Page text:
Meghan might borrow a tiara from Queen Elizabeth

Meghan Markle might just wear one of the queen's tiaras on her special day. Now how's that for "something borrowed"? Elite Daily spoke with a Yeoman Warder, one of just 37 royal guards of the Tower of London, who explained the situation. 

As it turns out, only Queen Elizabeth and the queen's "consort" (spouse or companion) are privy to the Crown Jewels. So, technically Prince Harry doesn't even have access. The same was, of course, true for William and Kate Middleton. Since Markle is marrying British royalty, Queen Elizabeth does have the ability to grant her permission to wear a tiara the day of her wedding. And, if the queen does indeed give the okay, Markle will wear it — just as Middleton did.

The one worn by Middleton contained about a thousand diamonds and originally belonged to the queen's mother. But, would it be a royal faux pas to wear the same tiara as her to-be sister-in-law? Hmm.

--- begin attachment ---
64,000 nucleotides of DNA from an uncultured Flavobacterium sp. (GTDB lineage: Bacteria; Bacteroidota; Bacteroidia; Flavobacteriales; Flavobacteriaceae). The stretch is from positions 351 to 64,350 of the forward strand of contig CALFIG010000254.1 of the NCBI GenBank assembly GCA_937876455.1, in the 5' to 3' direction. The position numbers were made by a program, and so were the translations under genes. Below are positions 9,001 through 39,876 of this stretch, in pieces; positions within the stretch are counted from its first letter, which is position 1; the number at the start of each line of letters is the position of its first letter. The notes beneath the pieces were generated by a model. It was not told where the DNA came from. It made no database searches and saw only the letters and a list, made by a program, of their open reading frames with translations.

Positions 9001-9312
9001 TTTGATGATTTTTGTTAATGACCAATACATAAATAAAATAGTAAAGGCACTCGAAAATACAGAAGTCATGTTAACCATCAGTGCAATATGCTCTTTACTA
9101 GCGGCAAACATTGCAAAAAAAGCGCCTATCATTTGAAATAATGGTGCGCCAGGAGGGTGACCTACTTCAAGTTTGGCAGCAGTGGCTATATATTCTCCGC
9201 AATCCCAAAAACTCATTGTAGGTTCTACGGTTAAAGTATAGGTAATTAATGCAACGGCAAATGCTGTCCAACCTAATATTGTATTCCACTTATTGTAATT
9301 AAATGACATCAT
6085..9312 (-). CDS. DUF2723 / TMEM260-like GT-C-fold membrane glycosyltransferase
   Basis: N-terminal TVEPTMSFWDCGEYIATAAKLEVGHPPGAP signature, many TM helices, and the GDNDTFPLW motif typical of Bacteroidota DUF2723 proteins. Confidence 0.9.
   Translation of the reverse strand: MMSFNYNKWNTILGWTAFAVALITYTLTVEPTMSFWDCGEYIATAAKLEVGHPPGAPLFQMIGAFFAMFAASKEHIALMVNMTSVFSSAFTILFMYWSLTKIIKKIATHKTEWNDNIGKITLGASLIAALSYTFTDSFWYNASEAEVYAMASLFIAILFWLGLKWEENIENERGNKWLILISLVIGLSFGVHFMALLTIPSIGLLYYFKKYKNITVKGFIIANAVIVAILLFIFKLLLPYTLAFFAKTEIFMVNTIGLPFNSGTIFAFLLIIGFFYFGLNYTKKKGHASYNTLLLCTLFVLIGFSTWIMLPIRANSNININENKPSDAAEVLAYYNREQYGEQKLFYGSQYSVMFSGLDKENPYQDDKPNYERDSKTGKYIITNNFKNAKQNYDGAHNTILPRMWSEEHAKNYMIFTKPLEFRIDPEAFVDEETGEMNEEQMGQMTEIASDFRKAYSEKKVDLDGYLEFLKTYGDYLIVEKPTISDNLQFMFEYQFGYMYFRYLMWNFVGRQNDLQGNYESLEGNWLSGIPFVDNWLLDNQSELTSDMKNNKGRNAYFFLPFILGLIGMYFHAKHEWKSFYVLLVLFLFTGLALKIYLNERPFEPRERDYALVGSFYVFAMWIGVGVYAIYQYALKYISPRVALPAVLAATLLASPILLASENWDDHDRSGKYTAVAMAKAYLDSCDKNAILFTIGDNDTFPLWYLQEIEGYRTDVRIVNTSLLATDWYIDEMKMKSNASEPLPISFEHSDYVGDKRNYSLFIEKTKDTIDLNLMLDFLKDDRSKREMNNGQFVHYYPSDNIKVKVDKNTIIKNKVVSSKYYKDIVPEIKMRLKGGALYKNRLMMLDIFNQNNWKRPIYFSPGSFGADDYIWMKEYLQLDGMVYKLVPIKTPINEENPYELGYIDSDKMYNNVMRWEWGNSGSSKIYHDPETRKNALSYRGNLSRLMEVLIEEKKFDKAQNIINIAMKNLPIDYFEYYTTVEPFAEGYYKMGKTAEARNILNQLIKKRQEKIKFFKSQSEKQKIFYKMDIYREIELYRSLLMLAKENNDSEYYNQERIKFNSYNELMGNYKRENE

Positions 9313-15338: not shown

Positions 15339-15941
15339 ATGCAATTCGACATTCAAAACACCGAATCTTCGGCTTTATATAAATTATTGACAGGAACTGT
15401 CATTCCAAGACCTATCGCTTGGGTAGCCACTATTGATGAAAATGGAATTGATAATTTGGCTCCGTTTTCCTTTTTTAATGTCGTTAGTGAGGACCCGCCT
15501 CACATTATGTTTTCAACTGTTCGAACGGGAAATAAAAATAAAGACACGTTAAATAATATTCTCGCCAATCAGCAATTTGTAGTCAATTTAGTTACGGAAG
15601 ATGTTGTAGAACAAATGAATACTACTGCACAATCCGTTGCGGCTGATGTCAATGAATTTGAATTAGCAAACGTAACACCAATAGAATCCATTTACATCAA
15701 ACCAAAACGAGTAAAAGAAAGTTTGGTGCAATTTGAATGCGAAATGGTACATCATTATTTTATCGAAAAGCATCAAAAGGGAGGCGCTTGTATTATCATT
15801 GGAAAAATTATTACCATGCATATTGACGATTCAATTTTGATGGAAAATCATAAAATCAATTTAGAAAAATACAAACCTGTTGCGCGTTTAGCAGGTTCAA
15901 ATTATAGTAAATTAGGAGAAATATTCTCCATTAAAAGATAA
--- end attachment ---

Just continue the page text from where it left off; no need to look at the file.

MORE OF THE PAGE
No best man for Harry

Meghan Markle is not the only one bound to tradition at the upcoming royal wedding. Prince Harry has some rules he needs to follow as well, including not having a best man. Marlene Koenig, a British and European royalty expert, explained the reasoning to Town & Country, saying, "The best man or best men are officially called supporters. William will probably be Harry's supporter."

According to The Guardian, William broke royal protocol for his wedding when he asked Harry to be his best man as opposed to supporter. Will his brother do the same for him? It seems not. As of January 2018, William told Sky News that Harry hadn't actually asked him yet. Whether William is a supporter or best man, one can only hope he plans Harry's bachelor party (or stag party as they are called in the UK). It would only be fair since Harry planned William's, after all.

Wait, no maid of honor either?

Unlike her husband-to-be, Meghan Markle will not have supporters. She will have bridesmaids, as is standard for both UK and US weddings. However, there is something a bit bizarre with the bridesmaid requirements.